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58
4.1 out of 5 stars
The Hippopotamus
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23 of 24 people found the following review helpful
on 13 March 2007
I can only describe the twists and turns that this book takes as shocking. Not hit you in the face shocking, but enough to make me hitch my breath as I travelled out of London on the train.

Fry is simply delicious in his writing style - clever, sharp and descriptive only to the point of necessity.

Not as outlandish and fiesty as the Star's Tennis Balls, but certainly a pleasant (if bizarre) surprise.
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23 of 24 people found the following review helpful
on 17 February 2000
discovering all his books at once, i had a marathon few days digesting them all as thoroughly as possible, not wanting any to finish, but barely able to wait to start the next. this is characteristic of fry with his superb intelligence and wit and brilliant ability to hold us all to constant attention with such wonderful story telling skills, and bizarre imagination. just braw. loved it.
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50 of 53 people found the following review helpful
on 7 May 2005
I usually don't write reviews, but was compelled to after reading this book. As good as Fry has been on the screen, he is even better in his writing. I have never laughed out loud when reading a book, but this one had me on the floor at times. A book you must read if you like Fry's sitcoms. I can't recommend it strongly enough. Looking forward to read his other books now.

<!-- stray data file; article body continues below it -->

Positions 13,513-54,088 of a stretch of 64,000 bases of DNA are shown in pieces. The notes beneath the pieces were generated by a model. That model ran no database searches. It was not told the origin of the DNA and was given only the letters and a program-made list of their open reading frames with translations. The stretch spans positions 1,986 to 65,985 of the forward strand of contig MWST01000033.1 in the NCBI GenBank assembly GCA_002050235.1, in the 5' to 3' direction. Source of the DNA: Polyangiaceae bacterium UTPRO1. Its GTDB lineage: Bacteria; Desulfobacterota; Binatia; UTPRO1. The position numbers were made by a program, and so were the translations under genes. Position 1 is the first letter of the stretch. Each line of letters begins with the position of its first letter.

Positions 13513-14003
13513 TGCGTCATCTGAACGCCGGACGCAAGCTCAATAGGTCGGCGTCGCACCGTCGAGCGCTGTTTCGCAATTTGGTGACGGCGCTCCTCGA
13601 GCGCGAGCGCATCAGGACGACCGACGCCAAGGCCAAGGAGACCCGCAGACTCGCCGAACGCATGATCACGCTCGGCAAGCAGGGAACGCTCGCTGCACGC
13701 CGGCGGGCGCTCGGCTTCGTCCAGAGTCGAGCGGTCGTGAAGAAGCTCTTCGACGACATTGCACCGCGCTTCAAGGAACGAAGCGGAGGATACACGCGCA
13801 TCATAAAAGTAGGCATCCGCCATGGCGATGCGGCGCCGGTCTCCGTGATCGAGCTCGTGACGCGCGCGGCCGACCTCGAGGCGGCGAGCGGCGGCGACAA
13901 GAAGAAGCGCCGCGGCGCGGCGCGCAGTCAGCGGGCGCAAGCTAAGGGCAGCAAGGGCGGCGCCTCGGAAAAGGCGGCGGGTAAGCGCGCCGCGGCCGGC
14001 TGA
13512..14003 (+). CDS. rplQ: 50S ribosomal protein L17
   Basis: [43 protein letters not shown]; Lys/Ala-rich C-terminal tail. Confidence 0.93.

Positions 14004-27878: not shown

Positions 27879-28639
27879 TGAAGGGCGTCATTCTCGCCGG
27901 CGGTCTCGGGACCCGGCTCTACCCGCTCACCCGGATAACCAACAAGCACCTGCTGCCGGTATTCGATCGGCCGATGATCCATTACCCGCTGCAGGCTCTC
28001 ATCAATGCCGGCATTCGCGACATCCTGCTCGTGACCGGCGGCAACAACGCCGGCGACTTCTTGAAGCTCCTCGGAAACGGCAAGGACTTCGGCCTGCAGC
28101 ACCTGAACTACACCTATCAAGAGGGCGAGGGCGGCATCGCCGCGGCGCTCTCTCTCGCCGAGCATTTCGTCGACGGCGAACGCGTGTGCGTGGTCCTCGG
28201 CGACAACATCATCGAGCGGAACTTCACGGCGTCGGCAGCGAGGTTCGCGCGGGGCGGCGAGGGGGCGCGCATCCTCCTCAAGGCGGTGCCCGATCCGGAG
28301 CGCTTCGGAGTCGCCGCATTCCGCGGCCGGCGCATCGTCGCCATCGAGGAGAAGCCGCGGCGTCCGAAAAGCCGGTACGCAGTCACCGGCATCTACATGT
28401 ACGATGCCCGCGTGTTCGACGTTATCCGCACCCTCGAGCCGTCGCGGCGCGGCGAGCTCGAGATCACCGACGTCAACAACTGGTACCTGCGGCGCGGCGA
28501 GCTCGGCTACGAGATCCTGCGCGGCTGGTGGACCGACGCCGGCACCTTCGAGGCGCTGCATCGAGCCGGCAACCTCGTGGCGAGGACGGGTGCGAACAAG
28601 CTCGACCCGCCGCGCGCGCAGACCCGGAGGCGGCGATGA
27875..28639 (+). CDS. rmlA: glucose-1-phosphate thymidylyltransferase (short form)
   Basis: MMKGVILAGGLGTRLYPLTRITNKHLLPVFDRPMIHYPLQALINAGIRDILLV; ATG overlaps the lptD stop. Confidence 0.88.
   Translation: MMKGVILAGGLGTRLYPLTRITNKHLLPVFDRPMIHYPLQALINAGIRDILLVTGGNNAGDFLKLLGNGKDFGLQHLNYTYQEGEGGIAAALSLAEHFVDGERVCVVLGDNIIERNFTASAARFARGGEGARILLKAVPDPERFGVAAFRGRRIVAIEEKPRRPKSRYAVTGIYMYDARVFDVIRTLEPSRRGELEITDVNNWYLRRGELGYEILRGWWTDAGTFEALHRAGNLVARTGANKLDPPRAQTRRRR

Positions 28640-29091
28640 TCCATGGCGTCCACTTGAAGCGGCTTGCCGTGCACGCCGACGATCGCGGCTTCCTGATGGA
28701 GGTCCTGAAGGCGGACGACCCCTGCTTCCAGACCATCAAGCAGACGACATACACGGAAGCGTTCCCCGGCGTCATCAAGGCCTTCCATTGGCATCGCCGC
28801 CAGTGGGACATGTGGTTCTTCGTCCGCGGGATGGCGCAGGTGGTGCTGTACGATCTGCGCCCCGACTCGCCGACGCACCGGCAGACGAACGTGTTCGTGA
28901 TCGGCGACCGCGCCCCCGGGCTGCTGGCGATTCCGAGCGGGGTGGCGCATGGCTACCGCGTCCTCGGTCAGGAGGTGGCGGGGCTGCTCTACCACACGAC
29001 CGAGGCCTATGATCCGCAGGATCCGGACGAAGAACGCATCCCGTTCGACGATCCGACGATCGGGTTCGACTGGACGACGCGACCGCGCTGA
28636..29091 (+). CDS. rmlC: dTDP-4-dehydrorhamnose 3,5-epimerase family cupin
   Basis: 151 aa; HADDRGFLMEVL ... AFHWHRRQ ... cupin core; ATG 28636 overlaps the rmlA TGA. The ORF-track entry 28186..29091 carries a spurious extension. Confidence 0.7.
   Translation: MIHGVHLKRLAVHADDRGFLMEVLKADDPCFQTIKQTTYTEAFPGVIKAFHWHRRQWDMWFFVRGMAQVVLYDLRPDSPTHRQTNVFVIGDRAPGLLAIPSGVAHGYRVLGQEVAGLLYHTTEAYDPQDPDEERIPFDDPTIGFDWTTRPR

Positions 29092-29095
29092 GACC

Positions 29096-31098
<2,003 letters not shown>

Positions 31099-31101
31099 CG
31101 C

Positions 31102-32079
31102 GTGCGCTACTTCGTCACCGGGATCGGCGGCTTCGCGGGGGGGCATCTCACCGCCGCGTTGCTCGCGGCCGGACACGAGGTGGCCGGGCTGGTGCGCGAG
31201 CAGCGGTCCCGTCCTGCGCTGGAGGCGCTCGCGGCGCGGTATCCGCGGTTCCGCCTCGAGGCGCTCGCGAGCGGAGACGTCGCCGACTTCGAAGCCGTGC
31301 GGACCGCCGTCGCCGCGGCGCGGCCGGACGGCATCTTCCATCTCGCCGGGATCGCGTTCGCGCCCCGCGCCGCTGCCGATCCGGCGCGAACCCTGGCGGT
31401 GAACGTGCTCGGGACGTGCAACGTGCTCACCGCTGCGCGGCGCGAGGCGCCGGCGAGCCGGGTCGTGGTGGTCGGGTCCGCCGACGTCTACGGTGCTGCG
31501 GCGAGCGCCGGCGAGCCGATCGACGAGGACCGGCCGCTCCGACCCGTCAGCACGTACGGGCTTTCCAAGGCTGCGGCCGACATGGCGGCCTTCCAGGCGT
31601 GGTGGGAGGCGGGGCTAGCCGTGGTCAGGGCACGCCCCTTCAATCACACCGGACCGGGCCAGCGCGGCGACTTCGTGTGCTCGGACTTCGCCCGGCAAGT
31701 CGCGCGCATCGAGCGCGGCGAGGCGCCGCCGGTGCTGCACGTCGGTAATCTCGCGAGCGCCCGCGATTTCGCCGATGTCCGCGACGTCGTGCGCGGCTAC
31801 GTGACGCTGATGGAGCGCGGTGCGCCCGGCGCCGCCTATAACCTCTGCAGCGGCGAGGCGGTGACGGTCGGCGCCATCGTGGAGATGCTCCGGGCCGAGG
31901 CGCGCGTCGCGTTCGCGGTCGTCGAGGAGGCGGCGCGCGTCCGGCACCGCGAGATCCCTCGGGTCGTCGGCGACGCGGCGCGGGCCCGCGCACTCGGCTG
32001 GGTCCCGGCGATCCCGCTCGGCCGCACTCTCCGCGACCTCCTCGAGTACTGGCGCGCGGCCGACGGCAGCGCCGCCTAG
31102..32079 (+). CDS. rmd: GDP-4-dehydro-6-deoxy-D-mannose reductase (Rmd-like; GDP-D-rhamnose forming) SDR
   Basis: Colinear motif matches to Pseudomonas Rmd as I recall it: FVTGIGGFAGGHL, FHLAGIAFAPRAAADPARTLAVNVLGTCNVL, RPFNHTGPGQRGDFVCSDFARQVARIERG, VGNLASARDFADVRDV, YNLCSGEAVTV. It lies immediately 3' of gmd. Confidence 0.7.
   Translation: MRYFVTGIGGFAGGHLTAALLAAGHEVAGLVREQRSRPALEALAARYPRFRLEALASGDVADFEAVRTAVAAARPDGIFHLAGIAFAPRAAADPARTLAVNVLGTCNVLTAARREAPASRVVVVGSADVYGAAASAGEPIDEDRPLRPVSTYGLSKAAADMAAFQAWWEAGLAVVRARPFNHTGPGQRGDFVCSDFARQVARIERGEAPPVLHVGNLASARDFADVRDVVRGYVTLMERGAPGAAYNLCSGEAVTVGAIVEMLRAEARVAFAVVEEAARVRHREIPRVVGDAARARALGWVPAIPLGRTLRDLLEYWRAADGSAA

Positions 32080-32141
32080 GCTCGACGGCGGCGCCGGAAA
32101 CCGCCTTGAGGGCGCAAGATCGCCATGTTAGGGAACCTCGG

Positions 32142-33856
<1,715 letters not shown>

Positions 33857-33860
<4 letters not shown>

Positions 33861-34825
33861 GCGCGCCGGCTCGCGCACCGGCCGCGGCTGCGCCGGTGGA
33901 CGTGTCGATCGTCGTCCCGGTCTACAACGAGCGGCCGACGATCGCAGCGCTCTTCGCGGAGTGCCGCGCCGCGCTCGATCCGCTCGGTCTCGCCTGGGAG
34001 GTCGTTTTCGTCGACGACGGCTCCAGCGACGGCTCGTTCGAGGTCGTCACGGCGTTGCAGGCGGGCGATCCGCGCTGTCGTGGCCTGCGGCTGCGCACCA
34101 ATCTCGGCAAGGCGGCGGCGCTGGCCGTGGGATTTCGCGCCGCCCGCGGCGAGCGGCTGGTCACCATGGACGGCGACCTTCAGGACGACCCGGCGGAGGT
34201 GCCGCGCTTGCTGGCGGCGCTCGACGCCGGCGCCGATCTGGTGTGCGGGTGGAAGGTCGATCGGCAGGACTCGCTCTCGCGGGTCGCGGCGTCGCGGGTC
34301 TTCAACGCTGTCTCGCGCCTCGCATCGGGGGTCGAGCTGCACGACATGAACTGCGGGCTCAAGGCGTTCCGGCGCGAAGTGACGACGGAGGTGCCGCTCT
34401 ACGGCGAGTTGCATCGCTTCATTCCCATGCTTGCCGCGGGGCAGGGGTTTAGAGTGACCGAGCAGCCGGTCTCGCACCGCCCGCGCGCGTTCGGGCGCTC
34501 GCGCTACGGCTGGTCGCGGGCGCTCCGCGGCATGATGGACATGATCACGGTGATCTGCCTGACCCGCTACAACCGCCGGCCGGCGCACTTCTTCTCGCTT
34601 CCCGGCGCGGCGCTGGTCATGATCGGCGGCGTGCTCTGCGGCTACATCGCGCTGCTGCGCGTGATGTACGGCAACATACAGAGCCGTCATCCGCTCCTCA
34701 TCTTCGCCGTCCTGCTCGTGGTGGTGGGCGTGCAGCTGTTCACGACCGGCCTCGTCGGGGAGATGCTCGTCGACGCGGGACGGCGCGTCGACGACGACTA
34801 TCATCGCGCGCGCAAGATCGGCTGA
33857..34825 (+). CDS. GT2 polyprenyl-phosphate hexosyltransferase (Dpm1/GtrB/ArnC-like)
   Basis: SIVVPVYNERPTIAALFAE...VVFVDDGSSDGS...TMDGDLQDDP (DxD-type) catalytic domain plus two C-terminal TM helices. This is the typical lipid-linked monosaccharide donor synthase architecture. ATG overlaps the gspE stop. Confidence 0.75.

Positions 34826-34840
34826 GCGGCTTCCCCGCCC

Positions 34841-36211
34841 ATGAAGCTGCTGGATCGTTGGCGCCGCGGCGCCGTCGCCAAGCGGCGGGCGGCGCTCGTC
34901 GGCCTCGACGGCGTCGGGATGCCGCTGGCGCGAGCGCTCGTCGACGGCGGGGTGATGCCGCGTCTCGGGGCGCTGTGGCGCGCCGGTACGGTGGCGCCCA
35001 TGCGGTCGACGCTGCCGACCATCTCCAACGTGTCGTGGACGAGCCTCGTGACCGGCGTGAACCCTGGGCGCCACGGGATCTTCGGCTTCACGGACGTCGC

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5 of 5 people found the following review helpful
on 3 January 2008
Really, really enjoyed this book! It's the first Stephen Fry book I've read and I found it (not surprisingly) to be a lot like a Wodehouse novel: upper class characters, estate house with many guests, first person narrative, fantastic use of language etc. However the comedy comes from the language alone - in contrast with the situation for most of the characters which is in fact quite serious, providing an interesting plot that keeps you turning the pages.

It's definitely the language and comments from Ted throughout that are the real highlight though. From simple laughs like the description of his cough as "something between a vomiting donkey and an explosion at a custard factory" and his concern for the "poor female rabbit-flea", to his 6 page sermon on the "fact that women do not enjoy sex" and his spirited defence of a poet's use of "rare words", it's an absolute joy to read.

I can't wait to read some more of Stephen Fry's books - I'm only concerned I may have started on a bit of a high that the others may struggle to match up to.
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31 of 33 people found the following review helpful
on 12 December 2001
Like all of Fry's novels this one will leave you feeling as if you've just had 5 Harrier jets fly inches over your head, which is something that leaves you understandably breathless at the time and is an experience that you are unlikely to forget for a while. His attention to detail (both linguistically and in terms of content) is unbelievable and the story itself ranges from the bizzare to the downright naughty. The Hippopotamus by Stephen Fry is an absolute must for anybody with a sense of humour and a couple of afternoons to spare.
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4 of 4 people found the following review helpful
on 19 May 2009
During a holiday in eastern Austria I borrowed this novel and read it very nearly cover-to-cover. Having hardly read a book written post-1950 for months, I was utterly delighted.

Fry has that pure love of language that all the best authors possess. The texture of a phrase, the imagery from a sentence - his adoration of the possibilities, humour and wash of words is tangible on every page.